|This photo will summarize my summer, and summer-ize my summary.|
The first time I heard about doping, I was in 10th grade gym class. Some of the football players and wrestlers had discovered steroids, and we were being chastised as a class and warned of their dangers: acne! tendonitis! boys start looking like girls! (sounds like an improvement to me) hypertension! baldness!
|Side note: I found a phone app in which you can experiment with baldness. Not bad.|
The lecture was based on personal harm. Don’t take performance-enhancers because they are dangerous to you, which is, in most cases, true. Baldness is true. Acne is true. What we didn’t discuss, and which I wasn’t mature enough to articulate at the time, was the moral implication of these things beyond personal utility. You are not the only one harmed by performance enhancements. They're an act of injustice against your opponents, and against the integrity of the sport more broadly. And it’s a conversation we need to be having because every week I read about more cases of athletes doping in the news.
In athletics, winning isn’t the sole objective, or historically, a suitable objective at all. (In Plato's Republic, for example, true athletics is dance, an artistic expression.) It’s the physical complement to the liberal arts in a full, human education. It affirms our physical humanity. It habituates discipline and virtue.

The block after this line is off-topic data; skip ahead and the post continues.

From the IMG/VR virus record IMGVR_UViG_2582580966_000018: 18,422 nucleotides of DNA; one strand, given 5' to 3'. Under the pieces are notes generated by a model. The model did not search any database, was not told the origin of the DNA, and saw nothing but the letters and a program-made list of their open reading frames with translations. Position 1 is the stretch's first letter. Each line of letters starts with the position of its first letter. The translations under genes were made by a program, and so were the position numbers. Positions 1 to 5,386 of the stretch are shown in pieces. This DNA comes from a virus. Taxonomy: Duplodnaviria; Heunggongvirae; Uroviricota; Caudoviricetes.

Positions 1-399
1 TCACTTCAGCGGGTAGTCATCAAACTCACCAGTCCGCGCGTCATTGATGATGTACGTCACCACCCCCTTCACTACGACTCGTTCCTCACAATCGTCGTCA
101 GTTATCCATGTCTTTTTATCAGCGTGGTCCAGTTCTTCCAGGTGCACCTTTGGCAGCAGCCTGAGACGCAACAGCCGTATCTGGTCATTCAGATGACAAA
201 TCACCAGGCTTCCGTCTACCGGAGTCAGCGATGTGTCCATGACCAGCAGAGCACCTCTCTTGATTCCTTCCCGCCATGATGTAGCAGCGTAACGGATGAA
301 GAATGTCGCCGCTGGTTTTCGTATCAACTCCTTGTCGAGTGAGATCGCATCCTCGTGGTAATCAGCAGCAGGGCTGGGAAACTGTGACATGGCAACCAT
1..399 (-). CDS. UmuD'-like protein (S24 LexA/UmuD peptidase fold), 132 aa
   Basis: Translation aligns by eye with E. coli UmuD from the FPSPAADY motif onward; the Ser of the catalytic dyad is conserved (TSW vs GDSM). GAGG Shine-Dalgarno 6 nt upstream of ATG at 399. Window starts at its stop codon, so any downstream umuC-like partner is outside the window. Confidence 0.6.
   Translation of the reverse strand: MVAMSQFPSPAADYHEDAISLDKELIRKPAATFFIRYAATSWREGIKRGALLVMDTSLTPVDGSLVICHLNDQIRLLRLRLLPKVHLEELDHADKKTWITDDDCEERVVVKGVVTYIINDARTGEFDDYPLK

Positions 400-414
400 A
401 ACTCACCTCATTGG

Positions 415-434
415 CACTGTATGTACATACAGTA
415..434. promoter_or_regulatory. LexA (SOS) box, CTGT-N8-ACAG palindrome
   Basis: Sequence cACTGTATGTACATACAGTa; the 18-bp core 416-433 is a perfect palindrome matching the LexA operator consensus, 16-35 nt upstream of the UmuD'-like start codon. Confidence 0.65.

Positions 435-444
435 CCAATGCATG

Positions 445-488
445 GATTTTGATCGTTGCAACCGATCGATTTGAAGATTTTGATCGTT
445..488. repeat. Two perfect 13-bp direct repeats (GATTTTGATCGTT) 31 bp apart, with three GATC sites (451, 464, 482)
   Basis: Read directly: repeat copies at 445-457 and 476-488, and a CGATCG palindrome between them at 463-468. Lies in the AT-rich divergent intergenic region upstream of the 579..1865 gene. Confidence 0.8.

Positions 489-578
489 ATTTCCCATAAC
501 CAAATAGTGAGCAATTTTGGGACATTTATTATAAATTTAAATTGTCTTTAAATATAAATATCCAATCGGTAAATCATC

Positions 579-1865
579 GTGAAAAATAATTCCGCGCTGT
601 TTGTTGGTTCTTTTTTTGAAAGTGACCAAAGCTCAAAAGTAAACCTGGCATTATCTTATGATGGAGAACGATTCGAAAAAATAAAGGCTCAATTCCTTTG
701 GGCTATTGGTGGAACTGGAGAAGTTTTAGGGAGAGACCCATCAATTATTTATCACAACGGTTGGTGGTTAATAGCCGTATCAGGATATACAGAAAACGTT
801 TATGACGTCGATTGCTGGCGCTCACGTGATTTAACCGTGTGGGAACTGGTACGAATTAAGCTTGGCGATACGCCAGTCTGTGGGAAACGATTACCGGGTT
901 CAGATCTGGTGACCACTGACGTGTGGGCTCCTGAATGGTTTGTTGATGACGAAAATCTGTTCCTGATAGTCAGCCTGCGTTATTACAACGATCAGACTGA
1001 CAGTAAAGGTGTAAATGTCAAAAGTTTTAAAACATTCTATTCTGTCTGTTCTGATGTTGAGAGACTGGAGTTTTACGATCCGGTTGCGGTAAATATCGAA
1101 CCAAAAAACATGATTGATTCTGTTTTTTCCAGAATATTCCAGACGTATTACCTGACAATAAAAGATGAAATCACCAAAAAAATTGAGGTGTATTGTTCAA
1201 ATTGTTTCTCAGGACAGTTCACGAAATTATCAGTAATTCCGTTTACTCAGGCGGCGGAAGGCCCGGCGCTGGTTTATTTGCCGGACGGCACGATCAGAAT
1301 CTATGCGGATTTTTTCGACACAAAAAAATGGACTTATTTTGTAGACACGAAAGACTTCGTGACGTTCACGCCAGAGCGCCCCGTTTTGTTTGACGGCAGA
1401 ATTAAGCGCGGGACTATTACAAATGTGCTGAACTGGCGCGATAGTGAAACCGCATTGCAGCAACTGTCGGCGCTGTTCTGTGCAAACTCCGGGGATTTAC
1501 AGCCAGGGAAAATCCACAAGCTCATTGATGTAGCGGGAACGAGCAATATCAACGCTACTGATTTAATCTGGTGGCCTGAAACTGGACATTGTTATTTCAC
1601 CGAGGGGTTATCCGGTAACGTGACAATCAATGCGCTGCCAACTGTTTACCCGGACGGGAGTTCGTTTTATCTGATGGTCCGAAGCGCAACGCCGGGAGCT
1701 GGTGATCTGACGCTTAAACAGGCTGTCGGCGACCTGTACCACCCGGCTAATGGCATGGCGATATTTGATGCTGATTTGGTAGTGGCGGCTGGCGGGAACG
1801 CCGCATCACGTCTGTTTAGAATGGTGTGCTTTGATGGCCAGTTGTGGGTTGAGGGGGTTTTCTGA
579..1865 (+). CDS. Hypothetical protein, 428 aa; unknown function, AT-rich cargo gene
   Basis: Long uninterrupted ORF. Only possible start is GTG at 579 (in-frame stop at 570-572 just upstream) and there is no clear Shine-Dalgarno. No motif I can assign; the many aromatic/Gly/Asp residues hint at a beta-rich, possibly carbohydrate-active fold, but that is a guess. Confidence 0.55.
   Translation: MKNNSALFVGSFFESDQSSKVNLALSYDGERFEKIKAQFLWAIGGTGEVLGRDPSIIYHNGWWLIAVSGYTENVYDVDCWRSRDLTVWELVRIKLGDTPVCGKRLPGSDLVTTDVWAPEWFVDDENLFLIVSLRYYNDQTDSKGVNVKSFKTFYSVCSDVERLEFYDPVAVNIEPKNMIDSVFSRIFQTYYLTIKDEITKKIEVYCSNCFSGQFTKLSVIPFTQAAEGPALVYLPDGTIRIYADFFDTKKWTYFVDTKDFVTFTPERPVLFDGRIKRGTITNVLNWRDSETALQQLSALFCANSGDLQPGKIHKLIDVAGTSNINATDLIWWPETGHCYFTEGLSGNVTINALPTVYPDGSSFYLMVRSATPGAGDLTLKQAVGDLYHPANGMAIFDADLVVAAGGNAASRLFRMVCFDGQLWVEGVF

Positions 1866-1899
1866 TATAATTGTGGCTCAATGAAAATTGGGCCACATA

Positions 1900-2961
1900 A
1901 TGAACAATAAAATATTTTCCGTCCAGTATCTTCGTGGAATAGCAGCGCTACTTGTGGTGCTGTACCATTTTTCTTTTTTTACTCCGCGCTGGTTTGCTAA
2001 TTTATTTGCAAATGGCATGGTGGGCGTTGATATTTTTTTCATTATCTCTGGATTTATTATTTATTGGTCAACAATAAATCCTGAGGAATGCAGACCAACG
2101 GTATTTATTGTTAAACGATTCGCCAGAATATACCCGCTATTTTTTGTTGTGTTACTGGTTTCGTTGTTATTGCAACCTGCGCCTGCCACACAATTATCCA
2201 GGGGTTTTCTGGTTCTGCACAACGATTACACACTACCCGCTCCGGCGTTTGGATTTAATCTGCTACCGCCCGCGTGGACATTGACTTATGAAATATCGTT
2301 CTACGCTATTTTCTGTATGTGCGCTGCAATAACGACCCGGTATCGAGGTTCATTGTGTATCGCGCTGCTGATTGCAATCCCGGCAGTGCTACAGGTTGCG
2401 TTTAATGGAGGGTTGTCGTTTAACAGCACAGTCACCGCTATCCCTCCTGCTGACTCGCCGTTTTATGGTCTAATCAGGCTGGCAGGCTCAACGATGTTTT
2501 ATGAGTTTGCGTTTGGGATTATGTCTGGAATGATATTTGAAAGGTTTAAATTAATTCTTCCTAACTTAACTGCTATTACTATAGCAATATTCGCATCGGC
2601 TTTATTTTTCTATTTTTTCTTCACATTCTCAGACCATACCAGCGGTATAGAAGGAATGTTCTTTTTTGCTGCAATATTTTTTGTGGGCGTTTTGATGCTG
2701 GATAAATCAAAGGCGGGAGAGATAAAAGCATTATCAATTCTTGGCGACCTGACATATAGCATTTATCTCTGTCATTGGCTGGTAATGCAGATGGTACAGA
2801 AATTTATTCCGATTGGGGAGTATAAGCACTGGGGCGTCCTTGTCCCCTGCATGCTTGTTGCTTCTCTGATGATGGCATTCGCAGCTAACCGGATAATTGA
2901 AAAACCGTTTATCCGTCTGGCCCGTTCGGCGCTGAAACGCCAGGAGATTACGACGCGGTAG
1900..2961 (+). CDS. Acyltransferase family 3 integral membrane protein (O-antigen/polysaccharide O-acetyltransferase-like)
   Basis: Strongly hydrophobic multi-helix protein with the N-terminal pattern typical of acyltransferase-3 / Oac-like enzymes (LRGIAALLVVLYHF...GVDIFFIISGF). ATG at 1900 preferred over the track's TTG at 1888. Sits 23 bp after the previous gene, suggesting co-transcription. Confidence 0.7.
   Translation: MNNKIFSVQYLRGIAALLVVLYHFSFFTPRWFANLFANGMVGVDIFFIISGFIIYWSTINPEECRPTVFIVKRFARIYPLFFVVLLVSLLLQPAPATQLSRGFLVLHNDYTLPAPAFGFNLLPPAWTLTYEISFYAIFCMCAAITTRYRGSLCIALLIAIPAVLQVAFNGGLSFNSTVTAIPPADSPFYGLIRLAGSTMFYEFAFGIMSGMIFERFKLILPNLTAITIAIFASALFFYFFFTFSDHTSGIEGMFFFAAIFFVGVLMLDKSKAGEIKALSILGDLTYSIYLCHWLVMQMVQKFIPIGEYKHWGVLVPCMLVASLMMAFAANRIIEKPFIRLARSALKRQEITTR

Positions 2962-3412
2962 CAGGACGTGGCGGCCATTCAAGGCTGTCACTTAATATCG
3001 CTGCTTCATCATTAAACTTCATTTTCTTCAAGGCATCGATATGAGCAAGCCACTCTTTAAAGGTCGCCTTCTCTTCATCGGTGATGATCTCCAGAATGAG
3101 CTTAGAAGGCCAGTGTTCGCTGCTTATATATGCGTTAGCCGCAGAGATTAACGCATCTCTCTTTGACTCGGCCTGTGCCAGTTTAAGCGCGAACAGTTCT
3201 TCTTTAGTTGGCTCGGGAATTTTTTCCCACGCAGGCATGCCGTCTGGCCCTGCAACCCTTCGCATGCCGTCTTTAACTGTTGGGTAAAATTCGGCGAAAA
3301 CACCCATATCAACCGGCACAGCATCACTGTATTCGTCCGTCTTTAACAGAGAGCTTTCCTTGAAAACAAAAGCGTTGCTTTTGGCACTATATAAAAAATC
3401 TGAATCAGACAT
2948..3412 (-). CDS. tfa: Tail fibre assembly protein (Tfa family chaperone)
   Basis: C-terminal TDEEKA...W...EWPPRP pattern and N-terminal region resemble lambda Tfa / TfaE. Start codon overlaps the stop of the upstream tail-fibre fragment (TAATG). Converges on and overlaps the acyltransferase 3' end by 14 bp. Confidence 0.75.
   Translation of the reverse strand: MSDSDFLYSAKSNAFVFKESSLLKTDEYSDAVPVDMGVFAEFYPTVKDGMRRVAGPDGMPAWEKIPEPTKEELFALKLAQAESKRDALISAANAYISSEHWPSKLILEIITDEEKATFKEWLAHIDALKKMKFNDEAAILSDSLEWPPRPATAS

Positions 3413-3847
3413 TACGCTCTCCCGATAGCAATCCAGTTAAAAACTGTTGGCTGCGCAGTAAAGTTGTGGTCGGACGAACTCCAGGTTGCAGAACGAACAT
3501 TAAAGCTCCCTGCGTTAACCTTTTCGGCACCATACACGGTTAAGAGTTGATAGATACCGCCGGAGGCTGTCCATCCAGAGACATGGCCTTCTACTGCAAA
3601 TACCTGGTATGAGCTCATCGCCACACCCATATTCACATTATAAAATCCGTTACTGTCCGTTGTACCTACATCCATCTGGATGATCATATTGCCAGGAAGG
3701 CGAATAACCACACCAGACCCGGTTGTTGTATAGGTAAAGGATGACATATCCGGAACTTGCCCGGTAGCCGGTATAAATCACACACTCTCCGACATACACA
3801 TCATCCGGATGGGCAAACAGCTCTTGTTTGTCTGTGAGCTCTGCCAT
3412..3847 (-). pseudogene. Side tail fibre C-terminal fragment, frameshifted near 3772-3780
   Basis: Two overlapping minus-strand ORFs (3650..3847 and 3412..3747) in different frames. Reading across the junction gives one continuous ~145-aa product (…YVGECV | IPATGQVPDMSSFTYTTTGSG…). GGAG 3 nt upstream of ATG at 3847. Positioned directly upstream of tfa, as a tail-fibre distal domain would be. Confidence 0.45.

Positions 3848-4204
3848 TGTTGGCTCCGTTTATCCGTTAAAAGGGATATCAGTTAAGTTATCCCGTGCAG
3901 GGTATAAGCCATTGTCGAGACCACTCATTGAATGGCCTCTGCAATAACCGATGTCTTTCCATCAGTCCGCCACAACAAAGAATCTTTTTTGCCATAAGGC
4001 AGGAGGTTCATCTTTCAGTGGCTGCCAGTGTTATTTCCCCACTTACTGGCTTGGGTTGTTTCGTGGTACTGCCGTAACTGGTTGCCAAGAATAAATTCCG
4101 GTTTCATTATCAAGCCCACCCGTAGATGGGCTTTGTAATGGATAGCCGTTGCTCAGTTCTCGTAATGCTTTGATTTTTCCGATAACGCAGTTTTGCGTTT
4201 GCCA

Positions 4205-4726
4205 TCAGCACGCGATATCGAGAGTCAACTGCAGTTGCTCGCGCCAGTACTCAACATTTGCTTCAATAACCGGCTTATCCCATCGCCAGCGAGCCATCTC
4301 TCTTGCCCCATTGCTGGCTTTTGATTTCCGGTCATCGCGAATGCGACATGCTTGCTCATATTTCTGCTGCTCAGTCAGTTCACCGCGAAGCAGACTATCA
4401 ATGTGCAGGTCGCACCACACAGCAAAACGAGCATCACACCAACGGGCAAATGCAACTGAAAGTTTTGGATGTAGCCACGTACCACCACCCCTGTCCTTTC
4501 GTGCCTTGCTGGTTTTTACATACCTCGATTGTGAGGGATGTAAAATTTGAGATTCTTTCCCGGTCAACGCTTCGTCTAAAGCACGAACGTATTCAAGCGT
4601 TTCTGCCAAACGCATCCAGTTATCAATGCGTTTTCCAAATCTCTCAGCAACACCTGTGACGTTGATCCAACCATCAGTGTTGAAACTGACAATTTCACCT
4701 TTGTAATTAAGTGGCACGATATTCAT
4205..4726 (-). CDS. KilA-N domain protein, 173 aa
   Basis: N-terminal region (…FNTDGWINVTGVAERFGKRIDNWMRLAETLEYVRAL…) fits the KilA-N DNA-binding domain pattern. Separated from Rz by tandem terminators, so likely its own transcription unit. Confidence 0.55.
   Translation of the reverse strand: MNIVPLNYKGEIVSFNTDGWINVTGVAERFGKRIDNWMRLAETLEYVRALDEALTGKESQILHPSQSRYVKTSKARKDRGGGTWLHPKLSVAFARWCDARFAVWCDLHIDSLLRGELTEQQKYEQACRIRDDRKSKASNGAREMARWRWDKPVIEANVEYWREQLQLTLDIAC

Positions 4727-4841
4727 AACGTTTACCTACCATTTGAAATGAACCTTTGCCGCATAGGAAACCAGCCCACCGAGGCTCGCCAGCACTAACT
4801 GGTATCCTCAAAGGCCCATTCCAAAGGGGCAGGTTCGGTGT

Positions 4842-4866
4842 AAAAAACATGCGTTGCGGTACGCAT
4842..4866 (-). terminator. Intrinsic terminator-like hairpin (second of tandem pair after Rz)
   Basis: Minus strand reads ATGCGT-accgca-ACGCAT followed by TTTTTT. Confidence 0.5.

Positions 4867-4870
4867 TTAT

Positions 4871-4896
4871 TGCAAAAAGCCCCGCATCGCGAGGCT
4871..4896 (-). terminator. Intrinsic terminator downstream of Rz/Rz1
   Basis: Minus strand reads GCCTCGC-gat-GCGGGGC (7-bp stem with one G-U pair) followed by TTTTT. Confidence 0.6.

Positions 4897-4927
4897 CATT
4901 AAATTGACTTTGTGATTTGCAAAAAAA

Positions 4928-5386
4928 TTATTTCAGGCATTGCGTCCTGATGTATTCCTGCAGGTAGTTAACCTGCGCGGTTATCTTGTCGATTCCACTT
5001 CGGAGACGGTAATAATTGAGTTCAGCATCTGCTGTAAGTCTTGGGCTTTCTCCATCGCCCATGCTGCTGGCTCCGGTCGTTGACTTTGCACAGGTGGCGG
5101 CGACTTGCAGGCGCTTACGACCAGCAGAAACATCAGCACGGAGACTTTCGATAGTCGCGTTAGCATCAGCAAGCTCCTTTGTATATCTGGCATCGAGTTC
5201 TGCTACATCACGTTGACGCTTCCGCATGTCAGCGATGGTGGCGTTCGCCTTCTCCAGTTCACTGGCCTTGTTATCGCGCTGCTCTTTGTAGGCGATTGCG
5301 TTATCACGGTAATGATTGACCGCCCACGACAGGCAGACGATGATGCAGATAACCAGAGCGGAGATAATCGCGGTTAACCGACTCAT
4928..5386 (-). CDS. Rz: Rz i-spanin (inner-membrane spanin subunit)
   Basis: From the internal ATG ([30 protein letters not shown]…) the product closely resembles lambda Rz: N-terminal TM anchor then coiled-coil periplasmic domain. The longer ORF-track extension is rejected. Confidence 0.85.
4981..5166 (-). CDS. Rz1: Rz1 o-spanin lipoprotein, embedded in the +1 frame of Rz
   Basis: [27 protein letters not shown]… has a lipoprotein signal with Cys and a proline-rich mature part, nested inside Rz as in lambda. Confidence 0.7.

G.K. Chesterton wrote, "It is only we who play badly who love the Game itself."
It is nice to win, and I work hard to do that--really, really hard. But athletics, for the sake of winning alone, is ephemeral. It's the sort of mentality that inspires shortcuts. And every running ribbon I've ever won is currently sitting in a box in my dad’s attic, being eaten by squirrels.
I'm not sure whose role it is to instruct the culture of running in our country, but things need to change. It's clear we have an integrity crisis.
|High school me - not interested in steroids because there's less of a culture of drugs in academic decathlon.|
USAD[A lot of fun]
A few months ago, on a Friday, I attended an admitted students dinner for Baylor’s philosophy PhD program. I was excited to be there, standing on the threshold of a streamlined life of books.
As I left my apartment to head to the dinner, I paused to send a text message to Anti-Doping to update them on my location change, reflecting briefly upon the fact that no one was likely to read it. It had been a few months since USADA had come for me. In December, my monitoring was renewed for the year, but I hadn’t heard from them otherwise.
And really, I imagined that it would be odd if USADA did come. At the time, I wasn’t racing much. They were effectively monitoring whether I was doping in my role as Medieval History teacher, and while I take that role seriously, I’m going to go on the record and guess that steroid-taking medieval historians are exceptionally rare.